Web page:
Miguel Montero - The Truth Shall Set You Free

July 1, 2017
 

On Tuesday night, the Washington Nationals stole seven bases against the Chicago Cubs, with all of them coming against the combination of Jake Arrieta at pitcher and Miguel Montero at catcher. Montero called out his pitching staff after the game, saying the reason the Nationals were able to steal so many bases was because Arrieta was slow to the plate.

But whose fault was it really? While Montero’s words may have been out of line, he did have a point. Arrieta has one of the slowest delivery times among right-handed pitchers this season, averaging 1.71 seconds between his first movement and the ball reaching the catcher in potential stolen base situations. That’s more than a tenth of a second slower than the MLB average for right-handers this year, 1.59 seconds, and is tied for the second-slowest among righties with at least 200 recorded times.

Slowest Delivery Times Among Right-Handed Pitchers, 
Min 200 Times
Player Timed Deliveries Average Delivery Time (seconds)
Jason Hammel 236 1.72
Jake Arrieta 207 1.71
Yu Darvish 257 1.71
Tyler Glasnow 209 1.70
Mike Fiers 227 1.69

This isn’t a new development for Arrieta—his average delivery time in 2016 was 1.70 seconds, third-slowest among righties with at least 400 times. This has led to basestealers running all over Arrieta, stealing 38 bases on 43 attempts since 2016 for an 88 percent success rate.

Despite Arrieta’s shortcomings, Montero deserves just as much of the blame, if not more. Montero’s average pop time to second base of 2.08 seconds is worst among catchers with at least 10 throws to second base, and it's not even close.

Slowest Pop Times to Second Base, Min 10 Attempts
Player Throws to 2B Average Pop Time (seconds)
Miguel Montero 12 2.08
Carlos Ruiz 11 2.02
Stephen Vogt 22 2.01
Tyler Flowers 15 2.00
Jason Castro 15 2.00

Like Arrieta, Montero didn’t develop this problem overnight. Every year since 2014, Montero has had one of the five slowest pop times to second base among catchers with at least 20 throws. His caught stealing rate has suffered as a result, as he threw out just 5 of 64 potential basestealers in 2016 and 0 of 31 this year.

Looking at those numbers, the Nationals’ baserunning success wasn’t all that surprising. Baseball Info Solutions calculates the likelihood that a stolen base attempt will be successful based on a pitcher’s handedness and delivery time, catcher’s pop time, and runner’s stolen base time. Anthony Rendon, who stole just his fourth base of the season during the game, had a 92 percent chance of being safe on a stolen base attempt against the Arrieta-Montero combination. For comparison, if Wilson Contreras had been behind the plate, Rendon’s projected success rate would have been just 59 percent. On the other hand, if it had been Jon Lester pitching to Montero, that number would have been 71 percent.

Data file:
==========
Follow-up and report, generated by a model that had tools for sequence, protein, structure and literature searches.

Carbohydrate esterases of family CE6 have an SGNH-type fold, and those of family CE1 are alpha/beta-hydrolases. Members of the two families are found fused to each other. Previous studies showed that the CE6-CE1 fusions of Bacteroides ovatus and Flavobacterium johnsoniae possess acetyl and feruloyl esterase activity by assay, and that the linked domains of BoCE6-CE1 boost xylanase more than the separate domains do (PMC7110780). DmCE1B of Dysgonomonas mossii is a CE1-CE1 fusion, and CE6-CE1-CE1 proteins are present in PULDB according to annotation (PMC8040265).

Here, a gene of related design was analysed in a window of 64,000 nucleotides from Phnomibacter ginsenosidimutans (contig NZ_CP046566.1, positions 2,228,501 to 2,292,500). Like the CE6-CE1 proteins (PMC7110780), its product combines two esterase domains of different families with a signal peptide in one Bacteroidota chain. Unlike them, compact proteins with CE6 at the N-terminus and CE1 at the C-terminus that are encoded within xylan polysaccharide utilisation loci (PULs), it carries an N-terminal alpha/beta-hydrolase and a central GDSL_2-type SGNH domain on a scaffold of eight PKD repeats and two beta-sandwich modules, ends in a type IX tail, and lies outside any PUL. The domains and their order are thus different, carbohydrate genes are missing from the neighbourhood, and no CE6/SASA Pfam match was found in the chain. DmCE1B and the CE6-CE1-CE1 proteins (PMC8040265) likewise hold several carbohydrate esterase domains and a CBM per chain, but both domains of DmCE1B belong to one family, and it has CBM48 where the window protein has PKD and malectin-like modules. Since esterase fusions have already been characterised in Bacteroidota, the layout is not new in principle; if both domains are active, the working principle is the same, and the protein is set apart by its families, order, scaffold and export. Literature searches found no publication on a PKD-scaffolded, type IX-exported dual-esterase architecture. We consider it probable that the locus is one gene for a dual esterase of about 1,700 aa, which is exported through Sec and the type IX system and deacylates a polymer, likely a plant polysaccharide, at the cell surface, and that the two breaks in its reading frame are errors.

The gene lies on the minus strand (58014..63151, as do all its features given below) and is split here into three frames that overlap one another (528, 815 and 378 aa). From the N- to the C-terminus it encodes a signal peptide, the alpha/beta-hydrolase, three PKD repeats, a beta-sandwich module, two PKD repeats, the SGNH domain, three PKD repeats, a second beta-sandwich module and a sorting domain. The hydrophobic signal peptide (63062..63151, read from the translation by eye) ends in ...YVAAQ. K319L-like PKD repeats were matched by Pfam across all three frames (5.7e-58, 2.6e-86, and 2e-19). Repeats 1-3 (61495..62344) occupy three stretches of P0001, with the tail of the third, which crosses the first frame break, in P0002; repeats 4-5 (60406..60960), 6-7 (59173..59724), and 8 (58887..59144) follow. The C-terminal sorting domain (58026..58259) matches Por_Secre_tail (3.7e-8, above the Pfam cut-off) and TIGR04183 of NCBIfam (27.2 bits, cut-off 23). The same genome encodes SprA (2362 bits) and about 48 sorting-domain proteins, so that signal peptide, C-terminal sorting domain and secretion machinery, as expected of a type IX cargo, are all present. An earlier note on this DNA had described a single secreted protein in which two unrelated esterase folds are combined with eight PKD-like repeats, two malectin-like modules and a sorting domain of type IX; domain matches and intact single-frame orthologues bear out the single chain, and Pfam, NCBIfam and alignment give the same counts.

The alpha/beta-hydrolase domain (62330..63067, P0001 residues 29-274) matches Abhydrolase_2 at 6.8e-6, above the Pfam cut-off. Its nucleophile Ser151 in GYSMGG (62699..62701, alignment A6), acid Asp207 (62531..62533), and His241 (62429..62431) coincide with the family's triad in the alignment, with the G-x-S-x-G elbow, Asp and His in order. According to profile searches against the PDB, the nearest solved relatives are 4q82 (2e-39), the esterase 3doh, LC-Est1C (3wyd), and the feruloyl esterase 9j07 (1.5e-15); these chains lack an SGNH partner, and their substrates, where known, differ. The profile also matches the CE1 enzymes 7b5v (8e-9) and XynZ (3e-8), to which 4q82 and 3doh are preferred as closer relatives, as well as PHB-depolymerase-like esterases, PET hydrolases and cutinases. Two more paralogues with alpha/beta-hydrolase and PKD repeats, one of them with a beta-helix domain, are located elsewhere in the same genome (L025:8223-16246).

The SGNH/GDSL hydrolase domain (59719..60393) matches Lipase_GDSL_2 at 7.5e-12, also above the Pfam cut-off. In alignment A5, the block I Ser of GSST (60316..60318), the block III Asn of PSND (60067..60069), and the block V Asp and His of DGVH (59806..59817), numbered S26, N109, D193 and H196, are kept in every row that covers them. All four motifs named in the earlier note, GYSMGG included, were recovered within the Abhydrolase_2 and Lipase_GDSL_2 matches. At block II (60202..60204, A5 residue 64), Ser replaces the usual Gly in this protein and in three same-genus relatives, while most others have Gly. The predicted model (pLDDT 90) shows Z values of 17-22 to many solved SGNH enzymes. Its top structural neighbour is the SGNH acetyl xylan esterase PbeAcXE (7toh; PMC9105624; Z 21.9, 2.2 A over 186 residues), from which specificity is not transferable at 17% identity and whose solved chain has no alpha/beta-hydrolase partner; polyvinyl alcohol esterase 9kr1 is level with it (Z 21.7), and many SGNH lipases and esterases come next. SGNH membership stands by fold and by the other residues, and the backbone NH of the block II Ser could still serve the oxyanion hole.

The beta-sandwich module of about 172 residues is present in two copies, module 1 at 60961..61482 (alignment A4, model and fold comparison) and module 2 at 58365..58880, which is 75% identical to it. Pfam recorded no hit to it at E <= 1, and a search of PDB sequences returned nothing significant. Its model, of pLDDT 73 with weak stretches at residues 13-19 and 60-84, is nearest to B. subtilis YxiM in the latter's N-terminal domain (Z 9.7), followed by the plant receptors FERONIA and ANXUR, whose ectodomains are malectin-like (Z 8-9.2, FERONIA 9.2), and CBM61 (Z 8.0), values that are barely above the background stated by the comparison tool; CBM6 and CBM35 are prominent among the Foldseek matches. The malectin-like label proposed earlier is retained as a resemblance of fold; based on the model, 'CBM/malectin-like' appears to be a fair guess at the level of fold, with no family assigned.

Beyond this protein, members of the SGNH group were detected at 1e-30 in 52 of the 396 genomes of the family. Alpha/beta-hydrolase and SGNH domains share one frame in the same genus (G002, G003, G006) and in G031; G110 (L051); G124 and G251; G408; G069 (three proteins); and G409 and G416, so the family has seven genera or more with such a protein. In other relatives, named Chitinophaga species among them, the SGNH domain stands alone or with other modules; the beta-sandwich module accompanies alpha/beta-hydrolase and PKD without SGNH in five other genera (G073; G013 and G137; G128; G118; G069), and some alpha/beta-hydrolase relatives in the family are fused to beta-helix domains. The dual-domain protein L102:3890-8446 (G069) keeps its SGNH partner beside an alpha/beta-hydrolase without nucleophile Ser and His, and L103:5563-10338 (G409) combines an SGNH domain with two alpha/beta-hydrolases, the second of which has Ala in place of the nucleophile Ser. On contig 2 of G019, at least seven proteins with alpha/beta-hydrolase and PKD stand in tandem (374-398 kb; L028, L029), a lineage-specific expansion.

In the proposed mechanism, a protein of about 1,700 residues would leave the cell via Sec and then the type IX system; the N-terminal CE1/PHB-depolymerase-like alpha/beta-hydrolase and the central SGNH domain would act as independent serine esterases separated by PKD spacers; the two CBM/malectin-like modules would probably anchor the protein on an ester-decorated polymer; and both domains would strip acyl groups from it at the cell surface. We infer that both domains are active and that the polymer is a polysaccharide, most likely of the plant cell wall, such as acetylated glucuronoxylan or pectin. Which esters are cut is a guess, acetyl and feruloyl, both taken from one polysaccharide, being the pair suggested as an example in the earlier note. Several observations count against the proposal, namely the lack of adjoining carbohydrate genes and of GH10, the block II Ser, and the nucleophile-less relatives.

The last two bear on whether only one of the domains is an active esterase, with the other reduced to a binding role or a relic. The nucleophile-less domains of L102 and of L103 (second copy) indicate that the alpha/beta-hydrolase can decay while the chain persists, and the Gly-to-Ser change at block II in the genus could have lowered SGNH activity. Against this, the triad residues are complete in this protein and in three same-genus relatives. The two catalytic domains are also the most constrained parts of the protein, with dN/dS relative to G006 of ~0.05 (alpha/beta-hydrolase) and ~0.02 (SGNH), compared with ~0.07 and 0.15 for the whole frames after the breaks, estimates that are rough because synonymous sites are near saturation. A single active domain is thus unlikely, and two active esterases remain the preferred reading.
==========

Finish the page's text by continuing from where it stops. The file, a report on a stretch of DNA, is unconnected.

Seemingly, both players contributed to the Nationals’ baserunning success on Tuesday. However, Montero was the one who called out his teammate, even though he was just as much at fault for what happened.

 
 

COMMENTS (8 Comments, most recent shown first)

Marc Schneider
This just validates even more what the Cubs did. Montero had a point about Arrieta's slowness to the plate, but he had no business calling him out publicly since he contributed significantly to the problem. I don't see a pitcher complaining when a fielder boots a ball. You can make too much out of team chemistry and so forth, but I wouldn't want to play with a guy that puts the blame on someone else.


12:14 PM Jul 6th
 
MWeddell
https://baseballsavant.mlb.com/sprint_speed_leaderboard

The very fastest major league players run at about 30 feet per second.

A difference of 0.06 seconds from Montero to the second slowest pop time hence is about 1.5 feet in terms of where the runner is. The article doesn't list average pop time, but I think it's about 1.95 or so, making would-be basestealers about 7 feet closer to second base than is true for the average MLB catcher.
9:27 AM Jul 5th
 
steve161
It's a good question, Backstop, but the difference between Montero and Ruiz is SIX hundredths--more than half a tenth, so to speak. That's enough time for a runner to advance a few feet, making the difference between safe and out on a number of attempts.
6:46 AM Jul 5th
 
OldBackstop
Are these one-hundredth stats really this telling? I would think there were a lot of factors with much greater significance. Two tenths of a second...let's talk...
5:09 AM Jul 5th
 
steve161
By my eyeball test, Lester is actually reasonably quick to the plate. And last year, according to the BJ Handbook, only about a third of steal attempts were successful against him. He may not be able to throw to first, but he seems to make up for it with a quick delivery home.
9:45 AM Jul 3rd
 
blueboy714
Is Lester on top of the slowest delivery list for LHP?
7:57 AM Jul 3rd
 
Robinsong
Fascinating data. Thanks!
6:57 AM Jul 2nd
 
MattGoodrich
It would be interesting to me to see what it takes to score a major league game these days. It must take 20 people to log all this stuff.
2:33 AM Jul 2nd
 
 
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